He was the only tangible offense in the first half, with field goals of 21 and 22 yards, as the 49ers passed freely underneath the Bears' linebackers (gaining 181 passing yards to Chicago's zero) -- until they cracked Chicago's five-yard line. Then, those final five yards turned into frustration.

Twice, there were the field goals, and, in between was safety Gary Fencik's interception of Montana's easy two-yard lob toward Solomon in the end zone.

Meanwhile, the Bears' initial 54-yard drive collapsed in Bob Thomas' missed 41-yard field-goal attempt. They never really threatened again.

"That was the only time we were really able to get it together," Fuller said. "This was the most pressure that I've faced all season. Most of the season, we were able to avoid the sacks. We weren't as fortunate today. They just kept coming and coming."

Chicago took more than six minutes off the clock on its first possession, propelled by two draw plays -- one to Matt Suhey for 15 yards out of the shotgun, one to Payton for 20 behind a pulling guard and tackle. That was to be his longest gain of the day.

"They never really made a big play on us," said cornerback Ronnie Lott.

The Bears drove to the San Francisco 25 without much trouble, but a rare sack of Payton, who was looking for a receiver after taking a pitch, was the beginning of the end.

"They were the best team today," Payton said. "We felt we could do certain things, particularly on first downs, but they were able to stop us when they had to."

The Bears didn't complete a pass to a wide receiver until the third quarter, which severely limited any balance they were trying to achieve on offense.

"Our defensive theory was to keep everything underneath and let the linebackers help at the line," said 49ers cornerback Eric Wright.

The 49ers finally scored a touchdown midway through the third quarter on one of those "gadget" plays the Bears use now and then.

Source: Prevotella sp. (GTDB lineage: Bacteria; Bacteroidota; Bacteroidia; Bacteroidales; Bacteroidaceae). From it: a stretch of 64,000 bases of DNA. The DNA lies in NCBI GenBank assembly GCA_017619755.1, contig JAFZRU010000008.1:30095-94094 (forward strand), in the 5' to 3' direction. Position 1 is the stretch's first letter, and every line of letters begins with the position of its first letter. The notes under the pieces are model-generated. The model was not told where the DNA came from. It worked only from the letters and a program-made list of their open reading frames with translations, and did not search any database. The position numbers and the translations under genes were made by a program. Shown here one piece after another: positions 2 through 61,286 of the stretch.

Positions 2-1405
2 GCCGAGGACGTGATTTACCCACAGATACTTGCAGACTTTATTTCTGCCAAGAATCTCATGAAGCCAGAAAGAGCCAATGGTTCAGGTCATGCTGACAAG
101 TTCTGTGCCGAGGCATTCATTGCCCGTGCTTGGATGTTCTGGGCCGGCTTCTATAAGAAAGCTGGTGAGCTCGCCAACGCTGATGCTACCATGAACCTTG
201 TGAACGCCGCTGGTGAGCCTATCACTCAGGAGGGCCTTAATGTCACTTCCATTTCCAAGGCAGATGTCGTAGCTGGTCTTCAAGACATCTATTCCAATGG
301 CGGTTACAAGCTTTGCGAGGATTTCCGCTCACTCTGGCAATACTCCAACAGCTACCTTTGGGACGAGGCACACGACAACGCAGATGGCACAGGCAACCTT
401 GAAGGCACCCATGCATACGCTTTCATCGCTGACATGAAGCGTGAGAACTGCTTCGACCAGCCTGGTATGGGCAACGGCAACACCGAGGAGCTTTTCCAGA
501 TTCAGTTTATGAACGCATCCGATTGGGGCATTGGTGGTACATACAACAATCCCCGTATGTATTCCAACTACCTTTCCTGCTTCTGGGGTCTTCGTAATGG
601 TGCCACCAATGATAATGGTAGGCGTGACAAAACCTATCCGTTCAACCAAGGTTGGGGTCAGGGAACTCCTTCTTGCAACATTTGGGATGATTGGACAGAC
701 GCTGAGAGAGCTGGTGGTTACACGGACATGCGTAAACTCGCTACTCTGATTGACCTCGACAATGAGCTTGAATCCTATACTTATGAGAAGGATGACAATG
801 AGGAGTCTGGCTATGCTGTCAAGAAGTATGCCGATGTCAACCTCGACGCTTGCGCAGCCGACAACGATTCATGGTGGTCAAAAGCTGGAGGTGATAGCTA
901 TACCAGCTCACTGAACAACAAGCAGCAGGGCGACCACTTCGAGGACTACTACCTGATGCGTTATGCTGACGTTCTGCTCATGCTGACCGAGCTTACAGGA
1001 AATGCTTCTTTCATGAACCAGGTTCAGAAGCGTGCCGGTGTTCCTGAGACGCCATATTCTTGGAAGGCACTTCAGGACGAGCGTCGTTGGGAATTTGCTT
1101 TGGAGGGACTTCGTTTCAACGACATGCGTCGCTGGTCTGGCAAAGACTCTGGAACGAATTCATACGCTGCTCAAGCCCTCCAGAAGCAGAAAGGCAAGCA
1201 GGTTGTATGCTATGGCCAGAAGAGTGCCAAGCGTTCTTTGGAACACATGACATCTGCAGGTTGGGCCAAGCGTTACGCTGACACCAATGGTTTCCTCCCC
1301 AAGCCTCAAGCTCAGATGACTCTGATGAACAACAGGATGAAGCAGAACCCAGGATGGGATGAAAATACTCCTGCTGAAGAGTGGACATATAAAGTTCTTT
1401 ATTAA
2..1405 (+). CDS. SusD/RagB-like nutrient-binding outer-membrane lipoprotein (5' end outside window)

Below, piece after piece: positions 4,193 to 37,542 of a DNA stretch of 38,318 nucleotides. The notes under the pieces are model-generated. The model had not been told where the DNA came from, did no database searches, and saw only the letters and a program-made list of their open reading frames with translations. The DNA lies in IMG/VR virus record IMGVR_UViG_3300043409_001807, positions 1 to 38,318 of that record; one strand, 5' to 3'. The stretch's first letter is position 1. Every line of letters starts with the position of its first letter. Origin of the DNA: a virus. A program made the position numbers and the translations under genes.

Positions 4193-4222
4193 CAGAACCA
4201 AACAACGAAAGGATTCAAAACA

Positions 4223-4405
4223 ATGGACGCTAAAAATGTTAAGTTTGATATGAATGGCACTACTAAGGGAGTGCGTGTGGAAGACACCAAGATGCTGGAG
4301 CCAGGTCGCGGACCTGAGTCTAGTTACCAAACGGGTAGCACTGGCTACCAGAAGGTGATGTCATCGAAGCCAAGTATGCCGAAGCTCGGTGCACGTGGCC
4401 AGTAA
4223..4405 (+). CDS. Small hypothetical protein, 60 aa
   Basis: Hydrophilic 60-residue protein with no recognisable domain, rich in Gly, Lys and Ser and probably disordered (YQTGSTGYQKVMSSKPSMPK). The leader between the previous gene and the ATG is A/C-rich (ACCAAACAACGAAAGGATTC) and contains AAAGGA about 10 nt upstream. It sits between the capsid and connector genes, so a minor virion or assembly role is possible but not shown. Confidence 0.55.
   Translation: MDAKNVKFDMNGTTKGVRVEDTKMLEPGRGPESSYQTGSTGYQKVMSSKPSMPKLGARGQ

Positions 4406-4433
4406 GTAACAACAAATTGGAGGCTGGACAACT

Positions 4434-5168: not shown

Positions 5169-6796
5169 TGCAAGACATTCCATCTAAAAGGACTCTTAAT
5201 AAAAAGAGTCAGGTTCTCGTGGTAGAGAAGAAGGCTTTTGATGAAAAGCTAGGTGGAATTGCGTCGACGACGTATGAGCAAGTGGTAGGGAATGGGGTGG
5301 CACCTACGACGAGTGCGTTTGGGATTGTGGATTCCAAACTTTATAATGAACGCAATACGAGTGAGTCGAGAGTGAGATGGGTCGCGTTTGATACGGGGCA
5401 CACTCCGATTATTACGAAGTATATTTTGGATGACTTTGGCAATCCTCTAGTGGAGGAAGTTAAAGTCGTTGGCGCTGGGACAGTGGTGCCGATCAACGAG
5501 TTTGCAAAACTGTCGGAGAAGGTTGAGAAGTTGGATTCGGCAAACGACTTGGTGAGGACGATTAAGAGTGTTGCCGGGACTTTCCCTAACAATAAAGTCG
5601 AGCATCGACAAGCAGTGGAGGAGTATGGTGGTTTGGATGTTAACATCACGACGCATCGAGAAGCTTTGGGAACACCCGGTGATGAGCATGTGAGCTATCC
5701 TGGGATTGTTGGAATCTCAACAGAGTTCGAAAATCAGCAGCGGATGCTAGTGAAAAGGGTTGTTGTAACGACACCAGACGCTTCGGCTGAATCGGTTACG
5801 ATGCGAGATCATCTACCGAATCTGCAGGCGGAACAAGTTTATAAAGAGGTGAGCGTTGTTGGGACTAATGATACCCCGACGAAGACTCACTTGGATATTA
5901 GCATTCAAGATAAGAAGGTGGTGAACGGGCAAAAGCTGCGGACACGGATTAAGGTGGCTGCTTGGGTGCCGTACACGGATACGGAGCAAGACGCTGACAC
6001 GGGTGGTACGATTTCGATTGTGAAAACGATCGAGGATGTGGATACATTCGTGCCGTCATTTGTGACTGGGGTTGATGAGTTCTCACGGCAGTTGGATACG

With reserve guard Guy McIntyre lined up next to Tyler in the backfield to block, Tyler ran nine yards around the right side for a touchdown and 13-0 lead with 8:27 remaining in the third quarter.

The Bears, feebly mounting what became their final comeback try, had a first down at the San Francisco 22 before consecutive sacks pushed them back to the 40 and forced a punt.

The 49ers took over on their 12 and drove right to another touchdown, the 10-yard pass to Solomon, as Montana did what worked all day. He rolled out of the pocket to avoid Chicago's feared blitz, coming from the "flop" defense that puts eight men on the line.

Cornerback Mike Richardson, trying to defend Solomon on the play, got hung up when Solomon broke to the outside as Montana rolled out. The touchdown made it 20-0 with 11:15 left.

Perhaps more important than anything else in this game was its pregame hype. The Bears talked; the 49ers listened.

"We heard all those stories about the Bear defense," Wright said. "That was the key today. Those guys were very vocal in the press this week. That was the motivating factor."

Dwaine Board, the defensive end who crushed Fuller on his only sack, said he had read that San Francisco was a "finesse" team.

"Nobody should call us a finesse defense," he said. "We didn't make this personal; it wasn't a grudge match. But we play hard."

They played even harder today because the 49ers didn't jump to their usual lead.

"We usually get up 14 points and end up letting down a little as a defense," Wright said. "Today, we knew if we didn't get the lead, we would just have to hold them."

And they did.